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What does Honor of Kings and Fortnite's success on mobile mean for conventional wisdom?


Welcome to the latest in our series of Pocket Gamer columns. We're taking the best games writers in the industry and giving them a platform. Veteran journalist Jon Jordan is here each week examining the trends shaping your mobile games scene. This week he’s considering why we (ahem he) didn’t expect the success of PC games on mobile.

They say travel expands the mind, and certainly my peripatetic May - San Francisco, Malmo, London - has got me thinking.

Not for the first time, it's become clear just how powerful the mobile game market has become at confounding conventional wisdom.

Not that conventional wisdom doesn't have its place. Conventional wisdom is usually correct. That's why you bet on the favourite in The Derby.

But what's significant about how mobile games confound conventional wisdom is that it's not a question of betting on the second or third favourite horse to win. It's like betting on the race to be cancelled or a giraffe to win.

It's what Nassim Nicholas Taleb popularised as Black Swan events.

You got it wrong, again


Three recent games in two genres demonstrate this: Honor of Kings (aka Arena of Valor), and PUBG Mobile/Fortnite.

Hilariously for my status as an industry expert, prior to the release of Honor of Kings, I'd spent a couple of years trying to popularise the term "Curse of Mobile MOBA".



Given the number of companies that had tried and failed to translate the success of PC MOBAs such as League of Legends onto mobile, this wasn't as stupid as it now seems.

Interestingly, all of these developers had also - sensibly in my opinion - chosen to make their mobile MOBAs quicker, smaller experiences, typically running a 3v3 mode for a 15 minute duration and with simpler touchscreen-oriented UI.

And what happened?

Tencent essentially photocopied League of Legends' design, bringing the full MOBA experience to mobile devices, and then pushed the game through its immense mobile distribution channels (QQ and Weixin/WeChat).

The result was a game that continues to be the top grossing title in China - $3 billion of revenue and counting - and has become such a cultural phenomenon it's been blamed for people losing their sight and children failing their education. Indeed, the government forced Tencent to limit play time for minors.

And yet Honor of Kings' success hasn't entirely negated the value of conventional wisdom. When Tencent released the westernised version of the game - renamed Arena of Valor - it flopped.

Conventional wisdom was correct, but only when it came to markets lacking Tencent's overwhelming distribution muscle.

Battle royale's the king

The success of battle royale games has also been embarrassing for us so-called experts.

On one level, the success of early battle royale games such as NetEase's Knives Out and Rules of Survival could have been put down to curiosity with a genre that was exploding but only available on high-end PCs.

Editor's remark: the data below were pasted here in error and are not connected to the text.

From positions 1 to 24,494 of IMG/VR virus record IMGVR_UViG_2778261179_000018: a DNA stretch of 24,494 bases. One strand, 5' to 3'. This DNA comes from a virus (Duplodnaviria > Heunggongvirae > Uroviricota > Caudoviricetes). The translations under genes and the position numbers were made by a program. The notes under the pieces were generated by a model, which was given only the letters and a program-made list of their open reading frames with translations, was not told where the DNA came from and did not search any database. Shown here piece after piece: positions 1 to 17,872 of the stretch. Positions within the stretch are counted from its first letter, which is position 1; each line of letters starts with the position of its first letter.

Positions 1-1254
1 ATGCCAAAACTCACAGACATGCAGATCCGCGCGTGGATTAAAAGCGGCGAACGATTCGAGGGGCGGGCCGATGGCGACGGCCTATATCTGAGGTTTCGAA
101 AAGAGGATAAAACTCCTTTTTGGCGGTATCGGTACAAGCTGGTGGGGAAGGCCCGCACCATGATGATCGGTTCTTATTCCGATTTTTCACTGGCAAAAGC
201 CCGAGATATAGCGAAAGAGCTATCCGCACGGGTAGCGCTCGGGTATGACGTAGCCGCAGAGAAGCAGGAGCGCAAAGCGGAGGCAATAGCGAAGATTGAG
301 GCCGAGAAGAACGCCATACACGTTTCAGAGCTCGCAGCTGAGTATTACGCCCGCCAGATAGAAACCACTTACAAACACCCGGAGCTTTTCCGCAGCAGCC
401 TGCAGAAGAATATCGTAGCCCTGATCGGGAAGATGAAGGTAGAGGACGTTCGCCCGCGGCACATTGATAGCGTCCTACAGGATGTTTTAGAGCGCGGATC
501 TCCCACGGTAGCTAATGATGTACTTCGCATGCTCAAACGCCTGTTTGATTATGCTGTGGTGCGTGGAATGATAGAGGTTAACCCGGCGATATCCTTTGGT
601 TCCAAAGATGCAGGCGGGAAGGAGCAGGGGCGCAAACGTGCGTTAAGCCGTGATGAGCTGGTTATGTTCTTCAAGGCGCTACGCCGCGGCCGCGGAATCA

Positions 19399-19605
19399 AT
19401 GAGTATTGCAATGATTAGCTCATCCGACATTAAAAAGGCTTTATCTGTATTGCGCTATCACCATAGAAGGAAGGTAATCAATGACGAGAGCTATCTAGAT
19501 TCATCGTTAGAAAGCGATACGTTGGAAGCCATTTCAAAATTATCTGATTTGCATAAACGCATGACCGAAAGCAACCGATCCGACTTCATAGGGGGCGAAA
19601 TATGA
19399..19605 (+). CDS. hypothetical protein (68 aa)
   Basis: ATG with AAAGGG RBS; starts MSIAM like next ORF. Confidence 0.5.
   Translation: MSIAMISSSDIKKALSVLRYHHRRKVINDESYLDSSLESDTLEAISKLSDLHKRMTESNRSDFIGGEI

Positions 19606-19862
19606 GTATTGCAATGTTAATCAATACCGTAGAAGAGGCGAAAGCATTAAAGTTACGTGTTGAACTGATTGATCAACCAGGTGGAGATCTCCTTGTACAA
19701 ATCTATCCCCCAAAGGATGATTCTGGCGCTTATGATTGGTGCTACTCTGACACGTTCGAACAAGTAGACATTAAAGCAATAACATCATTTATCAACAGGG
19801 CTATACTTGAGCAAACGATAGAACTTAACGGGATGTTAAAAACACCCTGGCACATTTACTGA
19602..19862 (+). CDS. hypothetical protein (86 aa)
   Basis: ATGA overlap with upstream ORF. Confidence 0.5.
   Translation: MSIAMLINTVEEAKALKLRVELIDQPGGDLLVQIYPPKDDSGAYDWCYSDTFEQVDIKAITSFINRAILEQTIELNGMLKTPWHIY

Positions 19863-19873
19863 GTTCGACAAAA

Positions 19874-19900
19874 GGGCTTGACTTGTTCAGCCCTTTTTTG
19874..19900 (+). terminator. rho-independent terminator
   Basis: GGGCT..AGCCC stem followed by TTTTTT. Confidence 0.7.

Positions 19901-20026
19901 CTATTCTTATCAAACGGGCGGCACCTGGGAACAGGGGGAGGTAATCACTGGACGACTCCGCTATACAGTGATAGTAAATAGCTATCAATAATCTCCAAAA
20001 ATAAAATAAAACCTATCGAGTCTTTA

The performance of Tencent's official PUBG Mobile shows something more profound is occurring, however.

Given critics are suggesting the mobile version of the game is better - certainly more accessible to play - than the original PC version, perhaps we shouldn't be surprised PUBG Mobile is now being played by 10 million players daily.



Similarly, the mobile version of Fortnite's battle royale mode is the top grossing iPhone game in the US, and in the top five in most western countries. And unlike PUBG Mobile, Fortnite is the same version of the game as running on PC and consoles. There's been very little work done to make it mobile-friendly.

Here, the case for conventional wisdom is more difficult to make. Clearly, other battle royale games on mobile haven't been as successful. The two winners have been games from experienced mobile developers who also have the strongest brands.

To that extent, we have to confess that conventional wisdom is always vulnerable before a global ecosystem that enables billions of people to immediately download the content they want.

What's next?

So what should I learn from these examples?

That thoughtful predictions are a waste of time? To throw conventional wisdom out with the baby and the bath water?

No. In both these cases, it's clear the global accessibility of mobile games (and apps) combined with incredible virality and marketing will trump all. But very few games will combine these features and not all of them will be genre-defining successes like Honor of Kings, PUBG Mobile and Fortnite.

By their very nature Black Swan events are extremely rare.

Still, for us industry experts, a little humility wouldn't go amiss, especially when you write articles asking Where is mobile gaming's PUBG?

(The clue is in the title.)

If this column has given you food for thought, share your comments below and bookmark Jon Jordan's page for more of the same next Monday. Remember to also check out words of wisdom and mirth from experienced games journalists Susan Arendt and Harry Slater each week.


Reviewer photo
Jon Jordan 29 May 2018

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